Nearly 30 percent of the dead in Massachusetts are now cremated, according to Thomas Daly, a national cemetery consultant and spokesman for the Massachusetts Cemetery Association. Because cremains take up less space than coffins, “designing for cremation helps give longevity to cemeteries,” he said.
Dedham has been working for the past two years on expanding its Brookdale Cemetery — which is “about two years out from being at capacity” — and is close to being done, said cemetery Superintendent Daniel Tobin. The new section will provide more than 100 gravesites in the 19th-century cemetery where roughly 28,000 people already are buried, Tobin said.
More rest in Dedham’s two historic and closed cemeteries: the Dedham’s Village Cemetery and the Baby Cemetery, which Tobin said was used to bury the children of the town’s paupers.
Some communities are in better shape when it comes to having space in their cemeteries. In Norwood, for example, cemetery foreman Paul Ranalli estimates Highland Cemetery, which sees about 200 burials a year, has about 17 years’ worth of graves remaining, and space to expand for another “legitimate 20 years of development.”
“The founding fathers of Norwood knew what they were doing,” Ranalli said.
Plymouth also planned ahead, said Ted Bubbins, superintendent of the town’s cemeteries and crematory. While Plymouth is no longer selling plots at most of its 32 public cemeteries, Bubbins said there’s still “a fair amount” of space at Vine Hills Cemetery, which saw its first burial in 1803. Vine Hills also houses a crematory, which opened in 2009.
The town is in the planning stage of building a new cemetery on 80 acres of woods off Route 80, Bubbins said. Designing the Parting Ways Cemetery should take about a year, he said; if Town Meeting approves the funding, construction would be done in phases, an acre or two at a time.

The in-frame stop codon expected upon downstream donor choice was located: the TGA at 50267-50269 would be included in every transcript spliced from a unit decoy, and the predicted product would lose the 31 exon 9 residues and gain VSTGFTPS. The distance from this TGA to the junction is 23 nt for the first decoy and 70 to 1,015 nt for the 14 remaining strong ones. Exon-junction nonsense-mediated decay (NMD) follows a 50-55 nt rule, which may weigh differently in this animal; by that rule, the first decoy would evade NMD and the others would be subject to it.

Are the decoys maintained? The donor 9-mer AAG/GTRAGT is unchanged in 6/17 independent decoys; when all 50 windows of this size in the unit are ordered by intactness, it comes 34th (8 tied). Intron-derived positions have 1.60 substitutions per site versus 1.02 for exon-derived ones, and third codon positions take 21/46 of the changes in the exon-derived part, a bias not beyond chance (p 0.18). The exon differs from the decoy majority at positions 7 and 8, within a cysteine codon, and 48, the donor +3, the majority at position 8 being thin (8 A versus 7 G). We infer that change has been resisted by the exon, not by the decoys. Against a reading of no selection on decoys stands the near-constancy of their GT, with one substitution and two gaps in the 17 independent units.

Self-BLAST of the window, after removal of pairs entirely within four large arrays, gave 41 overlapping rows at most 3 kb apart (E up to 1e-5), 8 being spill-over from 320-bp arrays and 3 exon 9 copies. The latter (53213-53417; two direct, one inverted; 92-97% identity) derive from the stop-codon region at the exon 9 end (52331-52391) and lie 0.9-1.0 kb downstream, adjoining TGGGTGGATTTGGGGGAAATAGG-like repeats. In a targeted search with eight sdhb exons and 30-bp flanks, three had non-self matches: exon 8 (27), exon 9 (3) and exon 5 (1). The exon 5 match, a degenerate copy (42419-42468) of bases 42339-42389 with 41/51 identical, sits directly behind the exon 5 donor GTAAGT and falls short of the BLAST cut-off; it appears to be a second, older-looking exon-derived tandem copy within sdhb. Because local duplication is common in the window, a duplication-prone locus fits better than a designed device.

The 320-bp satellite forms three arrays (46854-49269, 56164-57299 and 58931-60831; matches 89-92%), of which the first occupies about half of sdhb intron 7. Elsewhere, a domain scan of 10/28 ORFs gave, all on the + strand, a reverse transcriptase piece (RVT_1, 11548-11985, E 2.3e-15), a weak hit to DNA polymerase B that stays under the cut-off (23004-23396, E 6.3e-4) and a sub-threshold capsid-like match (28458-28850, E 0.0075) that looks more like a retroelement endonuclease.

Hull faces a more challenging deadline, with only “a handful of graves” now available in the Hull Village Cemetery, said Town Manager Philip Lemnios.
Hull Town Meeting authorized a $500,000 bond in May to expand the town’s only public burial ground, but preliminary engineering indicates that the work could take a year to 18 months, he said.
In the meantime, the town is looking into immediately installing columbaria for up to 100 cremated remains, according to Stigliani. “And we’re looking at graves that were sold long ago and have not been used, to see if [legally] we can resell them,” he said.
The plans are little consolation to a recent visitor to the scenic burial ground — located just below Fort Revere at the far end of the Hull peninsula and first used in the 1600s. Theresa White was looking for a final resting place for the cremated remains of her partner, Anthony Micherone, who died on Aug. 8 at age 63.
“They showed me four plots, and we didn’t like any of them,” White said. ”Anthony would love the higher ground. So we’re going to wait till something else opens up. Anthony was cremated, so we have a little time. If I were doing a traditional burial, it would be more upsetting.
“I live in the area, so we knew there wasn’t a lot of space” in the cemetery, she added. “We also knew you couldn’t purchase a plot until time of need. We didn’t realize [town officials] waited so long to open up new areas. It’s just a little unsettling.”Johanna Seltz can be reached at email@example.com.